Men I Have Loved and Other Fiction

Men become mythology in the mind of a single writer and that mythology turns into stories. And so I was reminded a few days ago when I had an 8 a.m. meeting in Manhattan and, rather than struggling with slush and erratic Q train service, decided to stay overnight at the Edison Hotel on 47th Street off Times Square.

There, in the lobby, I encountered the mural by Charnick, Manhattan through the eyes of a gull painted, as you can see, before the fall of the towers. When he painted this, I was a young girl in the city. Seriously crushing on intense, poetic young narcissists—artists.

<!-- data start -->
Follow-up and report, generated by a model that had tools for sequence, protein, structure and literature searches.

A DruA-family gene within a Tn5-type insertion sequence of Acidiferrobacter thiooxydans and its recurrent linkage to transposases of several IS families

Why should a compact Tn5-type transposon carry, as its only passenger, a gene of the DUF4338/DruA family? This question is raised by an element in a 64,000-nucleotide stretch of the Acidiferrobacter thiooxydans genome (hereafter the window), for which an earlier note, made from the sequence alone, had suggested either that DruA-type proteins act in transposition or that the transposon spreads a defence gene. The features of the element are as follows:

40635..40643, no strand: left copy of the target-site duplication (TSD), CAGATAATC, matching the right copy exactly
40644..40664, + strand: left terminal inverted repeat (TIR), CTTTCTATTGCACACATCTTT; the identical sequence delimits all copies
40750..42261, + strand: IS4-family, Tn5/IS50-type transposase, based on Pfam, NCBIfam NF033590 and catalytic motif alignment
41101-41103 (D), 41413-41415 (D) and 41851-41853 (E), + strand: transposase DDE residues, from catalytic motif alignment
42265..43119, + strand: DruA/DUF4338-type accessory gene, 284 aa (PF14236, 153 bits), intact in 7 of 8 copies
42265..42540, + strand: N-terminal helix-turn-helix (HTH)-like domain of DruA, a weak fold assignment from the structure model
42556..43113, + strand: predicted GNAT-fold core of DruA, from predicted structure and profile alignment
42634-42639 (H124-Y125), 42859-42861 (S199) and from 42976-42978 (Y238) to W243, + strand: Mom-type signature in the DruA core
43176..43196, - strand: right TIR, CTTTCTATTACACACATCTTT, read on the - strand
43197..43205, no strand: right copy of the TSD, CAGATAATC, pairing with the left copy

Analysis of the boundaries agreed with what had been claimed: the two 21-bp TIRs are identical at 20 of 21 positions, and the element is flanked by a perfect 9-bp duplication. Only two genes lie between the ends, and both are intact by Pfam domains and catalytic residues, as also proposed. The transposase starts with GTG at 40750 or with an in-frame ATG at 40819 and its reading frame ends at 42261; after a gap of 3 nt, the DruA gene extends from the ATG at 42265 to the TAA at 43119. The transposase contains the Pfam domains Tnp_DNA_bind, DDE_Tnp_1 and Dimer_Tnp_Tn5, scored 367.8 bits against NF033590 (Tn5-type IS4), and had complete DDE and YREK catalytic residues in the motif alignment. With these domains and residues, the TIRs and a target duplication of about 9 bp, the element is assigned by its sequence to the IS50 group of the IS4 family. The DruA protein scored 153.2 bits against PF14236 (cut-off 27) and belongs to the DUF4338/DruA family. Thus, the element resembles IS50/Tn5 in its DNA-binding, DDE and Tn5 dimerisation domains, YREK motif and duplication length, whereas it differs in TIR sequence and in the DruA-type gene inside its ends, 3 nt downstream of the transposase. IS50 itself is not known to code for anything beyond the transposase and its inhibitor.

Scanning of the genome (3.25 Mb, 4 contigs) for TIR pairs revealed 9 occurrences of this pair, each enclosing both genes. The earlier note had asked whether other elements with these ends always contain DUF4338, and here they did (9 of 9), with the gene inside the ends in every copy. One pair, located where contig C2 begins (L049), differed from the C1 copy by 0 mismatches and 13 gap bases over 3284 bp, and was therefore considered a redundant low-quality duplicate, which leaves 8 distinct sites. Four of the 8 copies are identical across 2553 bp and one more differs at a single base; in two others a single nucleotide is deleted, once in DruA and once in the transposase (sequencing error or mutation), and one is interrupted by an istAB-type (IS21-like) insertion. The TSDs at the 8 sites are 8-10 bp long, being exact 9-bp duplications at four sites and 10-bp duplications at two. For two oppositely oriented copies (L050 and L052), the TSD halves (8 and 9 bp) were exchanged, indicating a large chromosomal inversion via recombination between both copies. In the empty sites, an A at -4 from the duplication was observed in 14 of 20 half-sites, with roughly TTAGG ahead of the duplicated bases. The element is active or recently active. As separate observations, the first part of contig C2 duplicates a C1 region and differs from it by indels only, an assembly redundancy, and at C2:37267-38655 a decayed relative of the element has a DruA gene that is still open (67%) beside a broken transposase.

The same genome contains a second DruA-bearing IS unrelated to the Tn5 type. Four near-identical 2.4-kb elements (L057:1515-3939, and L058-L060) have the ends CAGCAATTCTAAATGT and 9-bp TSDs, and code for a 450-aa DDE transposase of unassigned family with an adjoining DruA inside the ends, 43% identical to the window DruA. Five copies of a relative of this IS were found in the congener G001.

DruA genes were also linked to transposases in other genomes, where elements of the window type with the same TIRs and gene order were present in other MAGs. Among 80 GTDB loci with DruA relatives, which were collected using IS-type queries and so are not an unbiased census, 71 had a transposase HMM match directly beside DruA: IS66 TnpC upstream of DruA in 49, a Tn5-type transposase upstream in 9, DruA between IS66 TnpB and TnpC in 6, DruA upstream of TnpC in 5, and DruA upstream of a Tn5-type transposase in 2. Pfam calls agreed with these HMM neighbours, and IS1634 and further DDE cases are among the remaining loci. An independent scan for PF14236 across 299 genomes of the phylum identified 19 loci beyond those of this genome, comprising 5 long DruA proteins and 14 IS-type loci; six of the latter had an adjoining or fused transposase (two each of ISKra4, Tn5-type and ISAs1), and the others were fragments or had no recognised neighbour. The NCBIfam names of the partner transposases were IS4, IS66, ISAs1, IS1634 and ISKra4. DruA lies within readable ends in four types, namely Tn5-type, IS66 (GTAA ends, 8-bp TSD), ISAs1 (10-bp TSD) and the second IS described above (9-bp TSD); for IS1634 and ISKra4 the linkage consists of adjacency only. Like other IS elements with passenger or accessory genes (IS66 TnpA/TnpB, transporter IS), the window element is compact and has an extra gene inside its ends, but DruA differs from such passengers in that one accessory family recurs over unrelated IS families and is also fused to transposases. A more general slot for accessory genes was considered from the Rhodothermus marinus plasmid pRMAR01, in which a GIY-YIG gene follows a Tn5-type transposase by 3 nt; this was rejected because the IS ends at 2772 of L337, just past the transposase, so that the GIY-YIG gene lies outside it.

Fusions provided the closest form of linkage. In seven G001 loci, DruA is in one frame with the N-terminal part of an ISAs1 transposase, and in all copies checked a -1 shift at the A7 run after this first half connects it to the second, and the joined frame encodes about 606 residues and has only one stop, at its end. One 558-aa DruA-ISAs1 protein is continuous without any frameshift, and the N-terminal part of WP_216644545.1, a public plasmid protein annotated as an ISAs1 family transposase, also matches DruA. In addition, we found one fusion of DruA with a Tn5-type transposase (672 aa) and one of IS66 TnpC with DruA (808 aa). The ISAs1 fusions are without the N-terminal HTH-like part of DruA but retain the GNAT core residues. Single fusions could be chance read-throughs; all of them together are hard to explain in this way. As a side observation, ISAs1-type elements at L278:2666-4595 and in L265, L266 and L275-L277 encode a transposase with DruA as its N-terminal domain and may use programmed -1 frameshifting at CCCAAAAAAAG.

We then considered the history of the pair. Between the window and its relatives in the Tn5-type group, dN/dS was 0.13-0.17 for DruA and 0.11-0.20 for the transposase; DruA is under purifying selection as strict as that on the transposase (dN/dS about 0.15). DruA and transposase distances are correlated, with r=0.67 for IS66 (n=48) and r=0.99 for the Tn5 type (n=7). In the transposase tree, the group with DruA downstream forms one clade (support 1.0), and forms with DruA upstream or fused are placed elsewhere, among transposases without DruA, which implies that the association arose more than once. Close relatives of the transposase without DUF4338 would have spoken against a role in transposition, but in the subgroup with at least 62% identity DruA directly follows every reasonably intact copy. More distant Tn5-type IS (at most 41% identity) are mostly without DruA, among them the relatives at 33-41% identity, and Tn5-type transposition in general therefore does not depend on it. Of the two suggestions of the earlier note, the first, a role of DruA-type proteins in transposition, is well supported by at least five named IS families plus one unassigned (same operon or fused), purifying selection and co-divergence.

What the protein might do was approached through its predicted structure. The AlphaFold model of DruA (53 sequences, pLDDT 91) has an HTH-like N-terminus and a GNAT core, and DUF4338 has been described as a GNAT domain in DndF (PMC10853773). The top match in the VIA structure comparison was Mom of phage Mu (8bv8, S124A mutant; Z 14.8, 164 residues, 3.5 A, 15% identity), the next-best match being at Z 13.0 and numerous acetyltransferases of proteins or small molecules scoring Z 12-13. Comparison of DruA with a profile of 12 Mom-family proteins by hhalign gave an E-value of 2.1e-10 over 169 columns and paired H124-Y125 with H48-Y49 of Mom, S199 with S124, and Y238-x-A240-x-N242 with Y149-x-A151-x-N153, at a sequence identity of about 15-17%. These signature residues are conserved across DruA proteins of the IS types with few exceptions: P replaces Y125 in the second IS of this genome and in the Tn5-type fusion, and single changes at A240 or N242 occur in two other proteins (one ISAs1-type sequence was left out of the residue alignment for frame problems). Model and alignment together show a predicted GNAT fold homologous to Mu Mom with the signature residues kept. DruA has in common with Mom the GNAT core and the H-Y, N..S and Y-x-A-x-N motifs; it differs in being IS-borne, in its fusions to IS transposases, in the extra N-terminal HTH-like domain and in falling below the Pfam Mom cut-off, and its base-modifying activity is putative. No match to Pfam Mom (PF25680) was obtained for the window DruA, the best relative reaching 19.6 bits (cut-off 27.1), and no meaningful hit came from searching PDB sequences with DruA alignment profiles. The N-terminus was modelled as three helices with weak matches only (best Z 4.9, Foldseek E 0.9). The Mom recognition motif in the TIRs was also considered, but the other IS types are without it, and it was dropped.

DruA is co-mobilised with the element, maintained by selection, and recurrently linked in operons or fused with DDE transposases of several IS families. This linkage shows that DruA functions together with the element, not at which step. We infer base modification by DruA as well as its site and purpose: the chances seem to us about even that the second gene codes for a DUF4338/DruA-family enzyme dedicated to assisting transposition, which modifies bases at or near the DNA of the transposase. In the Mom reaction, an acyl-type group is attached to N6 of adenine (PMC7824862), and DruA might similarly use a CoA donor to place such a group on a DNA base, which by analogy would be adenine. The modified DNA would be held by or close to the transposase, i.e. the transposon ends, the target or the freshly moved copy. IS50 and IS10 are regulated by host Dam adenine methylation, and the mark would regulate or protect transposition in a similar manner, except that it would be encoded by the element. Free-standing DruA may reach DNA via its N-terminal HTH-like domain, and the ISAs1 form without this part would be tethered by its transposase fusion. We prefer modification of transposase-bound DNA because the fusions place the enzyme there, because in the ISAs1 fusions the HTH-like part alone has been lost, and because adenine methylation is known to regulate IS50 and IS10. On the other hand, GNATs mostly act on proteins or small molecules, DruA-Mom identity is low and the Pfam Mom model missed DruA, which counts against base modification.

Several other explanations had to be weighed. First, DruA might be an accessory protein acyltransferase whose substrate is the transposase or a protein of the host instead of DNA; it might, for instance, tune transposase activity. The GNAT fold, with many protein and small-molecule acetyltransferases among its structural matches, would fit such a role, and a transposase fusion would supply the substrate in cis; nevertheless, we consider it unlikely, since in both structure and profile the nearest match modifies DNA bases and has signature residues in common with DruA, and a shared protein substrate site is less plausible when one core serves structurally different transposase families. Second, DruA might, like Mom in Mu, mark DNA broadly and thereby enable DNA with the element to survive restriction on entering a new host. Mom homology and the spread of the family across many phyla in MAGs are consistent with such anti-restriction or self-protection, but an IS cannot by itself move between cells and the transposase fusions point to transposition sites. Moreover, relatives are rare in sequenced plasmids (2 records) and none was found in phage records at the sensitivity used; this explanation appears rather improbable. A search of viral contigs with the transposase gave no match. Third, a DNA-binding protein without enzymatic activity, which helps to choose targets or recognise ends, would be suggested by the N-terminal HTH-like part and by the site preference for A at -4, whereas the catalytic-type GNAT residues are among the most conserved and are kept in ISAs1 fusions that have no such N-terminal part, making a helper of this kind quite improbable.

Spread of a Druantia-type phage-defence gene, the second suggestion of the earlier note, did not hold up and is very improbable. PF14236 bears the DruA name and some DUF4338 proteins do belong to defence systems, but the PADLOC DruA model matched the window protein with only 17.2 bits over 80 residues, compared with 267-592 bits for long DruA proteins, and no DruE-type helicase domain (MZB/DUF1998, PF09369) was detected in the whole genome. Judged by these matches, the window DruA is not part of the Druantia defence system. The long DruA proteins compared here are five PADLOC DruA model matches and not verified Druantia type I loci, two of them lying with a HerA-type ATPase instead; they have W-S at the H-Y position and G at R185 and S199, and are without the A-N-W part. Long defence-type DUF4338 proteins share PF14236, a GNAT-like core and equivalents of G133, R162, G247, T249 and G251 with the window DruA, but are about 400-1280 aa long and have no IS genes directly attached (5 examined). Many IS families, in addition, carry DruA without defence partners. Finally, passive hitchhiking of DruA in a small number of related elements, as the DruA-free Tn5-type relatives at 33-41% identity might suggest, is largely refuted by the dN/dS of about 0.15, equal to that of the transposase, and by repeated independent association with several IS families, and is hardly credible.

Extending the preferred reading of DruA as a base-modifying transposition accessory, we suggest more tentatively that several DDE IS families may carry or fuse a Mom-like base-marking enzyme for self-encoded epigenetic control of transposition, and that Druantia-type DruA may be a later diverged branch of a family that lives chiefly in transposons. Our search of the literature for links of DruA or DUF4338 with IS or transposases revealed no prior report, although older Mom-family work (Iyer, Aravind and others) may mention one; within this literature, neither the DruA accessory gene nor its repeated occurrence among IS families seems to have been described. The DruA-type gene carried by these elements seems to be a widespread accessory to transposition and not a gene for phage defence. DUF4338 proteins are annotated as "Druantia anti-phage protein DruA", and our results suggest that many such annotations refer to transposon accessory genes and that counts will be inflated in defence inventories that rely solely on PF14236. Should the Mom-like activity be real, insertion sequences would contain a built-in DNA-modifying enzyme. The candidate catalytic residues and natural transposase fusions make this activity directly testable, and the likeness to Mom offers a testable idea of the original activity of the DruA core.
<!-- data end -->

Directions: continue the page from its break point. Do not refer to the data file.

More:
Charnick, who used only one name long after Plato and well before Oprah, broke my heart. I tried to possess him by writing a play about him. This is something writers do. We write about things that plague, haunt and entangle us. In the writing, where we are queens of the manor born, we are free to figure things out, and exorcise.

via Men I Have Loved and Other Fiction Ask a New Yorker | Ask a New Yorker – A Cultural Influence.

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